How I Dealt With My First Sunburn

How I Dealt With My First Sunburn

Writer Karen Walrond learns why sunscreen is so important the hard way.


By: Karen Walrond

Back in March, my daughter had a week off of school for spring break, so our family decided to spend some time with another family in Port Aransas — a small fishing town on the southern coast of the state of Texas. We packed our minivan and made the four-hour drive from Houston, arriving at a great little beach home. The sun was out, the sand was pristine — all the makings of a perfect little beach holiday.

There was just one issue: The weather was cool — at least cool by my definition. You see, I’m from the Caribbean: I’m used to beaches where the temperature is, at a minimum, 30 degrees. In early March in Texas, the temperatures were hovering at barely 21 degrees, so while my English husband and daughter braved the bracing water of the Gulf of Mexico, I sat on a beach chair, wrapped in a cover-up to keep off the chill.

And here is where I made my fatal mistake.

I’m black — of medium-to-dark complexion. I have only had two sunburns in my entire life, and they were both extremely mild and caused by spending 12 hours in the blazing Caribbean sun in Trinidad, my homeland that is just above the equator.

Sitting there in the early spring sun and shivering, I didn’t think there was any way that I could get a sunburn, especially when I knew that we wouldn’t be outside for very long, having had a late start. In fact, I spent most of those three hours on the beach that day nagging my husband, who is incredibly fair and burns easily, and repeatedly slathering sunscreen on him. My daughter, who is my complexion, was playing near the reflective waves, so I did put a bit of sunscreen on her. But me? I was wearing a cover-up! It was cold! I was fine.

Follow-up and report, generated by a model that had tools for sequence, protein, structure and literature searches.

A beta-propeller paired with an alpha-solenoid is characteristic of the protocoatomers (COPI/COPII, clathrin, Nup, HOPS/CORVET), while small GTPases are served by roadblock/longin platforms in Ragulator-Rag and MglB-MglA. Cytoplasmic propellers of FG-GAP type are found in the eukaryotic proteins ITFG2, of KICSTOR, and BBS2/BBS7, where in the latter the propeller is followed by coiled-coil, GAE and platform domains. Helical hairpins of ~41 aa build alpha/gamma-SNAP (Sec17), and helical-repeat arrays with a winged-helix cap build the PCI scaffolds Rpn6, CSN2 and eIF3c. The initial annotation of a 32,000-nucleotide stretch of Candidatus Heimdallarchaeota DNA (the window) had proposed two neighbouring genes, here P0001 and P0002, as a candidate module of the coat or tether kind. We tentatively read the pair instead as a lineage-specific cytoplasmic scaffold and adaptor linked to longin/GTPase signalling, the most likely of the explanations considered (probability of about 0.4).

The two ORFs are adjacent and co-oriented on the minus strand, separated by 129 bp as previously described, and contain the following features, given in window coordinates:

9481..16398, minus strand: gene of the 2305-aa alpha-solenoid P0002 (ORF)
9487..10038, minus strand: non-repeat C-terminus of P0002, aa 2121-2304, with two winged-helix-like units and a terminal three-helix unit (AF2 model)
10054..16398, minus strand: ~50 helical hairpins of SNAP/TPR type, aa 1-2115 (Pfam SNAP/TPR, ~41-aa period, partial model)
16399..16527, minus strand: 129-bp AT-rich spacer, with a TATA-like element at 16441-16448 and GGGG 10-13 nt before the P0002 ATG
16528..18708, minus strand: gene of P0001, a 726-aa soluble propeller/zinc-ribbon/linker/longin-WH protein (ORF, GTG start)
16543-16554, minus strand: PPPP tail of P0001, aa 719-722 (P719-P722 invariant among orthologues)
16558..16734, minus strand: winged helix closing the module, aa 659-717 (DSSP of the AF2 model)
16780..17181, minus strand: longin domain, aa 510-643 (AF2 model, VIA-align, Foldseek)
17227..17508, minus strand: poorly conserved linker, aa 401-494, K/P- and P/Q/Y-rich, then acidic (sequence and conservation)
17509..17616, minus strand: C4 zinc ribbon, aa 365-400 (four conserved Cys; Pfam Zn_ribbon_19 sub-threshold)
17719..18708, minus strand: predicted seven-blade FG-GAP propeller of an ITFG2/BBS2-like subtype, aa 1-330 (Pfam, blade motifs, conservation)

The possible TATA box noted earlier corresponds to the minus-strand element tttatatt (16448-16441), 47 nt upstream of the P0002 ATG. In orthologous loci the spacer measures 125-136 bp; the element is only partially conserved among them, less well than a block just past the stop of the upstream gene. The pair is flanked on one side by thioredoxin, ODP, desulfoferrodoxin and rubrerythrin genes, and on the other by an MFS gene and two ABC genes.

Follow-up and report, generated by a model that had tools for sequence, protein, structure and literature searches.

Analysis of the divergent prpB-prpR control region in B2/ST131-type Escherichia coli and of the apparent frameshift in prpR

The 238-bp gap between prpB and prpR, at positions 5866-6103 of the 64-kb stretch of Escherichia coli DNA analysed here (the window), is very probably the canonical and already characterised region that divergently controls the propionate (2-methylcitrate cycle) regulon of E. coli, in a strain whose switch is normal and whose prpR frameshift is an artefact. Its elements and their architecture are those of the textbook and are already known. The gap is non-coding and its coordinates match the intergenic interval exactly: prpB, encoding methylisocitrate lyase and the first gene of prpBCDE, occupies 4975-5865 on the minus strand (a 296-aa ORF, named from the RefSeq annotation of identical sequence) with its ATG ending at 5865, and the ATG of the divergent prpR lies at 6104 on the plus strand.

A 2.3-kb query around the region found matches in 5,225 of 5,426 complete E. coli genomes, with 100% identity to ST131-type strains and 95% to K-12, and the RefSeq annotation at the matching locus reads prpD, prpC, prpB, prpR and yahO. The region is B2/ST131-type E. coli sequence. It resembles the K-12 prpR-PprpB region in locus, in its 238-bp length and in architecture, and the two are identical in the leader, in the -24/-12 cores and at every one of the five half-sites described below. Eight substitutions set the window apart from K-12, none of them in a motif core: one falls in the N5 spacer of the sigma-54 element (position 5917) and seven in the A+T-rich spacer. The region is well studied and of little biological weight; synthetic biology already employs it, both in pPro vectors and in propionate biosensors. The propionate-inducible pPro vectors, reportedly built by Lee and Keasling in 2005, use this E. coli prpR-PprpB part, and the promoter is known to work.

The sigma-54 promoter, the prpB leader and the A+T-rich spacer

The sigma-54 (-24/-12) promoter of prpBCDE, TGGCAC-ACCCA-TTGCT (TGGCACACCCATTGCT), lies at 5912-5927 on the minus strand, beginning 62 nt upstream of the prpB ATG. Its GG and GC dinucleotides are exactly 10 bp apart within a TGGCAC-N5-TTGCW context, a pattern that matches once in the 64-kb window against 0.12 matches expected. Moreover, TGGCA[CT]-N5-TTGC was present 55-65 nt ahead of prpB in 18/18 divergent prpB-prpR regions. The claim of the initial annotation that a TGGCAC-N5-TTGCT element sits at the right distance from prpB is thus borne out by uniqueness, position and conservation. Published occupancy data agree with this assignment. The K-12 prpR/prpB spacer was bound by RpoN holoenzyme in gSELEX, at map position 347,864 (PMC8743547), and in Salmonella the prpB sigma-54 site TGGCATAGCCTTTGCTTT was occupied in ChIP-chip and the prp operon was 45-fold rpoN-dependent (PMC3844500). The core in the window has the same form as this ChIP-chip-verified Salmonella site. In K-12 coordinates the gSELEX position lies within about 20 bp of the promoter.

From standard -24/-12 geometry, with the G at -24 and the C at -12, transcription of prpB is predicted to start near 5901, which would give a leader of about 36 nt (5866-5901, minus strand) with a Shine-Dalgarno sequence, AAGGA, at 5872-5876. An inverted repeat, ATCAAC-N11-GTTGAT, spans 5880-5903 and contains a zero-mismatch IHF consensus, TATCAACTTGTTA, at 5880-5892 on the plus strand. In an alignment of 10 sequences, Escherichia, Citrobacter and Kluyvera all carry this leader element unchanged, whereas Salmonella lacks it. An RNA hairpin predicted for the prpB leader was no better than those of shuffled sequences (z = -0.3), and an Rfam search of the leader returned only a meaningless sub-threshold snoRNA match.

We decided to pack up around 4 p.m. that day, as the sun was beginning to set and the temperature began to drop. Our families made our way up to the beach house and had a quiet night in, with the kids watching videos and the adults sitting on the covered porch until long after the children went to bed. Finally, at about midnight, we went inside.

My husband, Marcus, looked at me strangely.

“What?” I said.

“You. You’re — well, you’re red. I think you caught some sun.”

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I looked in the mirror and shrieked. I was scarlet — the first time I’d ever had sunburn this severe. About an hour later, the pain came all over my face and my chest. The next morning when I woke up, my face was swollen.

“I’m a giant tomato head!” I wailed.

My husband, to his credit, didn’t give me too hard of a time about it. “Yes, but you’re my tomato head,” he said, carefully kissing my forehead.

“You are like the poster child for climate change,” said my blond friend, Maile, incredulously. And then, having had a lot of experience dealing with the sun in her past, she took me under her wing.

The rest of our holiday was spent slathering aloe gel all over my face and neck and planting myself well under the beach umbrellas that we had brought. Thankfully, I didn’t blister, though a few days later I did peel all over my face and chest. It wasn’t pretty.

Months later, I mentioned this sunburn to my father, who is even darker than I am.

“Oh, I burn a lot too,” he said. “It started happening when I got older — I think my skin simply became more sensitive. I don’t go anywhere without sunscreen and a hat anymore.”

The experience was such a lesson for me: I had smugly assumed that the melanin in my skin would protect me — even in direct sunlight — as long as it wasn’t too warm. I’ve since learned my lesson and now wear sunscreen every single day. And so, learn from my mistakes: Take care of your skin, friends.

QUICK TIP: Don’t forget to protect your skin from the sun no matter what colour you are.



When she isn't sharing tips on StyleUnited on how to add more awesome to your life, you can find Karen on Chookooloonks.com. She's on a mission to prove to you that your life is filled with different, unique moments of beauty, starting with her book, The Beauty of Different. Her work can be seen on Babble.com, TEDxHouston and USAToday.

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